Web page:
Editor’s Welcome

Editor’s Welcome

Peitho Volume 22 Issue 3 Spring 2020

Author(s): Jen Wingard

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It has been humbling to be the editor of one the few Rhetoric and Composition journals dedicated to feminist work, throughout the Trump administration and now during the global protests working to validate, celebrate, and at least ensure that Black Lives Matter in the U.S. Regardless of my personal scholarship and political commitments, I have viewed my editorial mission to expand the definition of feminist work in the field through the submissions and publications in Peitho.

At this moment, I am reflecting and asking myself: is that enough? Is the move toward inclusion of BIPOC authors and scholarship merely a mark of performative allyship rather than authentic allyship? And if it is, what else can I do as a journal editor to challenge that model, so that I am not implicitly gatekeeping and maintaining the status quo. Regardless of my vision for Peitho, it is still a journal that follows academic convention. And by its very inception, as we have seen in the brave accounts posted in #BlackinTheIvory, the academy is built on the principles of white supremacy. So no matter how much we try to open the gates, those gates always already belong to the power base.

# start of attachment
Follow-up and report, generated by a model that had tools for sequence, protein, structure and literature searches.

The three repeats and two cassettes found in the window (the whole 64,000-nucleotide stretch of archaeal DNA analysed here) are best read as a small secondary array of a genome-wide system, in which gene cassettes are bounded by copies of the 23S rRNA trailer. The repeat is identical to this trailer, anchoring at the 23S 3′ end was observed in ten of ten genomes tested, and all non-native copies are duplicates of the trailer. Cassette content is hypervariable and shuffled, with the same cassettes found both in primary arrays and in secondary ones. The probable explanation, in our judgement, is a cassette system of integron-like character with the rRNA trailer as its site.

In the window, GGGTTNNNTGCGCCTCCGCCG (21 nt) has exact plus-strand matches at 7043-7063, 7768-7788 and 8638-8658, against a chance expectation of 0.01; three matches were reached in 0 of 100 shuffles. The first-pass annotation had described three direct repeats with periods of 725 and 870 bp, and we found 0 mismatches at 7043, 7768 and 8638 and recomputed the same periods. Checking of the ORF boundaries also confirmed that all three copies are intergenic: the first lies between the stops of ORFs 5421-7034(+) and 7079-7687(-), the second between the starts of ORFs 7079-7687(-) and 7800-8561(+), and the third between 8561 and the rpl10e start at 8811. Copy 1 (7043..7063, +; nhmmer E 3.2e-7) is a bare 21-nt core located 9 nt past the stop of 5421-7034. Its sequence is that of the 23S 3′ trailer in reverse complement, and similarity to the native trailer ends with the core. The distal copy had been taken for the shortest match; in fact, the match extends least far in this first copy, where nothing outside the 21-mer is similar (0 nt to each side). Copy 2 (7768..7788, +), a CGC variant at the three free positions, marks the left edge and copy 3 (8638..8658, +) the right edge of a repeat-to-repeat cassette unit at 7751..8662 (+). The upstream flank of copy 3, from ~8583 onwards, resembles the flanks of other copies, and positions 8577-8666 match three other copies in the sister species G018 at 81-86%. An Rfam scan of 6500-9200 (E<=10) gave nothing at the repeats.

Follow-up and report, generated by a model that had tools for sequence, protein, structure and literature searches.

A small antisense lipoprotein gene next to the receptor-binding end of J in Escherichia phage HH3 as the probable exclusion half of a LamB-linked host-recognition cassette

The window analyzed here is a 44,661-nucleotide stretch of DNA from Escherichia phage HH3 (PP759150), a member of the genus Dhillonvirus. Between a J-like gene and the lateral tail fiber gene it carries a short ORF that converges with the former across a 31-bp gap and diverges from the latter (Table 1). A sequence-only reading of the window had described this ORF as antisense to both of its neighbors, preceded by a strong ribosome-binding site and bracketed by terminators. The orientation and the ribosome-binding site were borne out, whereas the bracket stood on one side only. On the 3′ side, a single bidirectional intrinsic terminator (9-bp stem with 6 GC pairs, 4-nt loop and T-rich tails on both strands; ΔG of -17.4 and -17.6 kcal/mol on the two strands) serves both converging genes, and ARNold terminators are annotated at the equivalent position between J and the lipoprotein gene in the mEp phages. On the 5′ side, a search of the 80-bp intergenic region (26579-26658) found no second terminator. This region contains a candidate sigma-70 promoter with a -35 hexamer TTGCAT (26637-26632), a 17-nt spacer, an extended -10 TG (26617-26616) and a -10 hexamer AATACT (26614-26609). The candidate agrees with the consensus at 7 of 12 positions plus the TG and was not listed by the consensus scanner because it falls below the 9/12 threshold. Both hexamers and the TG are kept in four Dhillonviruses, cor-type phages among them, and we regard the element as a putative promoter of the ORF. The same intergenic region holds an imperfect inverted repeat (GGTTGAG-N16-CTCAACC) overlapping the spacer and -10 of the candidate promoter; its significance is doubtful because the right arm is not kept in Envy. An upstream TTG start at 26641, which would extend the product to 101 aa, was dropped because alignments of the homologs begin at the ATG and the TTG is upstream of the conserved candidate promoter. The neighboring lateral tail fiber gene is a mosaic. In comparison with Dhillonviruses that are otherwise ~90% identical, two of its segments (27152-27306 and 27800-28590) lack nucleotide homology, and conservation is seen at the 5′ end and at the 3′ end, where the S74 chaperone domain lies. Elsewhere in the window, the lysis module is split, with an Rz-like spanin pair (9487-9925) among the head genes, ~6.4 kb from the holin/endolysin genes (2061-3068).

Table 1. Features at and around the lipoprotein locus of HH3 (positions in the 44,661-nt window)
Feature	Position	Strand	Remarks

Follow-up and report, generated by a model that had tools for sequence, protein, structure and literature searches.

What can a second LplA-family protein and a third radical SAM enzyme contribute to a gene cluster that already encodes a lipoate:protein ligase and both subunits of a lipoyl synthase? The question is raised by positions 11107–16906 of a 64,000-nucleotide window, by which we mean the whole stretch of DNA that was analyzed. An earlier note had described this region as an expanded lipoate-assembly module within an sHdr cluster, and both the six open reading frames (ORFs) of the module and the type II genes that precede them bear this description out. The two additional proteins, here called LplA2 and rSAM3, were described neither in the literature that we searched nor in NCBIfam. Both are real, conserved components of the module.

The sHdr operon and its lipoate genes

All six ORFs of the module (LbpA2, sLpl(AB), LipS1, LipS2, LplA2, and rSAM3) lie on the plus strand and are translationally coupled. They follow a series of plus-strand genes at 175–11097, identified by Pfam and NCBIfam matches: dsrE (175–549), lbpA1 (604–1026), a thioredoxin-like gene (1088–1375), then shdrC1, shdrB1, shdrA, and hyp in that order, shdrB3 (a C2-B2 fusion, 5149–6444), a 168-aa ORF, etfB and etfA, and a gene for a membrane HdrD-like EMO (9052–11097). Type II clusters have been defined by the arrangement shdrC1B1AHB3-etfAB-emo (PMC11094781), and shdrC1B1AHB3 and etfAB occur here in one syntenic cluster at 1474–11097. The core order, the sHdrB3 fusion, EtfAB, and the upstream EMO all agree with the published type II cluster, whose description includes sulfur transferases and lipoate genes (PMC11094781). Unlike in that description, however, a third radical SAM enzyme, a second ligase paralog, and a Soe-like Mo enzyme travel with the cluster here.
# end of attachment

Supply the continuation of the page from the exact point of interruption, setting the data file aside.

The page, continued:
Therefore in my final year as editor, I want to continue to question what it means to be a feminist in our field by asking all contributors to think about the following:

  1. How does your scholarship engage with or intervene in historical or current systems of oppression?
  2. Who are you citing? Are you citing feminists of color?
  3. How can we engage history, rhetoric, writing to work to dismantle systems of oppression that create vast inequalities in our field, our country, and the world?

I recognize these are big questions, but nevertheless they are important ones. And I believe it is the responsibility of all of us doing feminist scholarly work in our current political moment. Regardless if we look at historical figures and texts, or current political movements, we all need to be thinking about how our work can engage with the larger critiques being made across disciplines of

In the upcoming journals, we are demonstrating how Peitho is working to shift the conversations around feminism and history in our field. In our current issue there is the new Recoveries and Reconsiderations section, which Wendy Sharer will discuss more in her introduction to the section. I am hopeful that this section is a space to begin conversations about the field’s history and how we can re-center our own historical narratives. Our next Summer Special Issue is devoted to Transgender Rhetorics and will be published on August 15th. KJ Rawson and GPat Paterson have put together an issue that will help us think through questions of gender, activism, and responsibility in important ways. And in our Fall 2020 issue we will have a special article cluster commemorating Rhetorical Listening, with an Introduction by Krista Ratcliff and a Response by Cheryl Glenn, all edited by Timothy Oleksiak.

Each of these sections and issues are sites where we can begin conversations on what it means to be a feminist, in composition and rhetoric and in the greater world. And it is my hope that these conversations will create spaces where we can continue to speak truth to power in Peitho, instead of merely gatekeep the conventions of the academy. We have a lot of work to do, and I intend to make space for that work in this journal during my last year as editor.

Stay Safe, Be Well, Keep Fighting.

Jen Wingard